The Head and the Heart, an indie folk band that returns to Jacobs Pavilion at Nautica
on Tuesday, Sept. 10, has already enjoyed a career full of high points in its 10 years.
“We got to play a show with Tom Petty in Hyde Park in London about six months before he died, which is just an incredible yet horribly sad thing all at once,” says singer Matt Gervais. “We got to experience that and see him perform at the same venue we were playing.”
The Seattle-based band also joined Willie Nelson on his tour last year.
“How can you top that?” says Gervais.
Gervais is the husband of the band’s violinist/banjo player, Charity Rose Thielen. He joined the Head and the Heart in 2016 when co-founder and singer-guitarist Josiah Johnson left the band.
He picked a good time to join too. This year’s Living Mirage
is quite possibly the band’s most innovative record to date and Gervais says the shows in support of it have been great.
Even though the band has played for thousands of people, Gervais says he still enjoys playing for 300.
“It’s the funnest thing, in small sweaty clubs,” says Gervais. “It feels like how it was before anybody had ever heard of the band.”
The Head and the Heart has also played some memorable shows at Colorado’s infamous outdoor amphitheater, Red Rocks, with “really beautiful, natural, landscapes.”
Toronto’s Massey Hall is also at the top of Gervais’s list, because he loves what the band can do with a theater show.
“We don’t usually play our full-out rock sets at a theater. We reserve that for the balls-to-the-wall sort of rock ’n’ roll shows [at outdoor venues and festivals],” says Gervais. “There have been a couple times where we ended up sort of opening for ourselves with an acoustic set before our full band set. Those are always really fun and special. The more we are discovering that we can do that, the more we do that. It makes for an easier show for the band.”
embodies that Mumford and Sons, soft rock, folky vibe that the Head and the Heart have mastered.
Gervais says that his favorite track on the album changes from day to day.
“I think everyone is sort of surprised, not that anyone was expecting differently, but this album has come across really well live,” says Gervais, “It’s been really fun to see how the audience reacts. They warmed up to the songs way quicker than the band has seen in previous record releases. They became familiar with the songs really quickly, so they became staples of the set really fast.”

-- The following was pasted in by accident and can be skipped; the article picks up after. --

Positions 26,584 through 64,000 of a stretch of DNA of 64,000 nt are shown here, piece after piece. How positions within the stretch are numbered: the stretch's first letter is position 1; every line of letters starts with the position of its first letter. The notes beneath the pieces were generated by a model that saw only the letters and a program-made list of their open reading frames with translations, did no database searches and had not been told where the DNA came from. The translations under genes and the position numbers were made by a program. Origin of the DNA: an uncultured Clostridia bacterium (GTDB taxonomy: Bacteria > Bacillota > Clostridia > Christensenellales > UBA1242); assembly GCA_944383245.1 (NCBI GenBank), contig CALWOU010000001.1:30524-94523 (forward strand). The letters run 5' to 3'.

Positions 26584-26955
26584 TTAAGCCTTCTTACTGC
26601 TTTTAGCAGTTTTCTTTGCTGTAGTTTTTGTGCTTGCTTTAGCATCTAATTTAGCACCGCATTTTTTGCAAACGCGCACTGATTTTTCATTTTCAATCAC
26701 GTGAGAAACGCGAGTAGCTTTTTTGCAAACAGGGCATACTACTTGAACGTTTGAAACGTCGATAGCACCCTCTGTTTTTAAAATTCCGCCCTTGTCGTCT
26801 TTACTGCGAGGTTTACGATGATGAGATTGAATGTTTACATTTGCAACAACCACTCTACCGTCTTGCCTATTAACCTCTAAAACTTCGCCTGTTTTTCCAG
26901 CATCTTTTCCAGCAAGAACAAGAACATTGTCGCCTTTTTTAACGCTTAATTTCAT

“See You Through My Eyes,” a stripped-down confessional ballad in which one lover is craving the understanding of another, is one track that Gervais keeps coming back to. Singer, guitarist, percussionist and co-founder Jonathan Russell brought the concept into the studio to share with the band after developing it with co-writers Anastasia Whitacre and Michael Busbee.
“We all came together to see how it was structured and complete the lyrics together, but John had had that hook from the get-go. And it [lyrically] made so much sense with what the band was going through at the time and in a personal relationship,” says Gervais. “Jon has a very nice way of getting to the point concisely, which is a different sort of talent. So, a lot of the songs have a very direct and simple message. That comes across really well and that helps people relate.”
The lyrics for tracks with less serious themes were also carefully-crafted.
“There are other songs that are more light-hearted, which was another avenue the band wanted to explore,” says Gervais. “Songs like ‘Brenda’ where it’s more like a narrative. Like a little vignette of a story that you saw in a movie or something where you can kind of come along with, and it’s not quite as heavy subject matter.”
But no matter the subject matter, Gervais knows that the band cannot take its words lightly.
“Lyric writing is always the most difficult aspect of being a musician or a songwriter,” says Gervais, “When I was a kid, I remember noticing how much my mom actually paid attention to the lyrics of a song. She has this encyclopedic memory of all of these lyrics from obscure songs that were hits back in the day. And she knows them by heart, thousands of them. So, early on I was very aware of how important lyrics are.”
Gervais says Thielen has the complete opposite perspective from Russell on lyric writing, and that helps to diversify the band’s catalogue. Melodies come easier than lyrics for the six-piece band, so collaboration is key when it comes to finding words to accompany the music.
“[Thielen] has a more literary approach to things which people can warm up to in a different way and have a different appreciation for,” says Gervais. “It’s an obvious analogy, but it pulls head and heart.”
The Head and the Heart, 7:30 p.m. Tuesday, Sept. 10, Jacobs Pavilion at Nautica, 2014 Sycamore St., 216-622-6557. Tickets: $40-$80, livenation.com.
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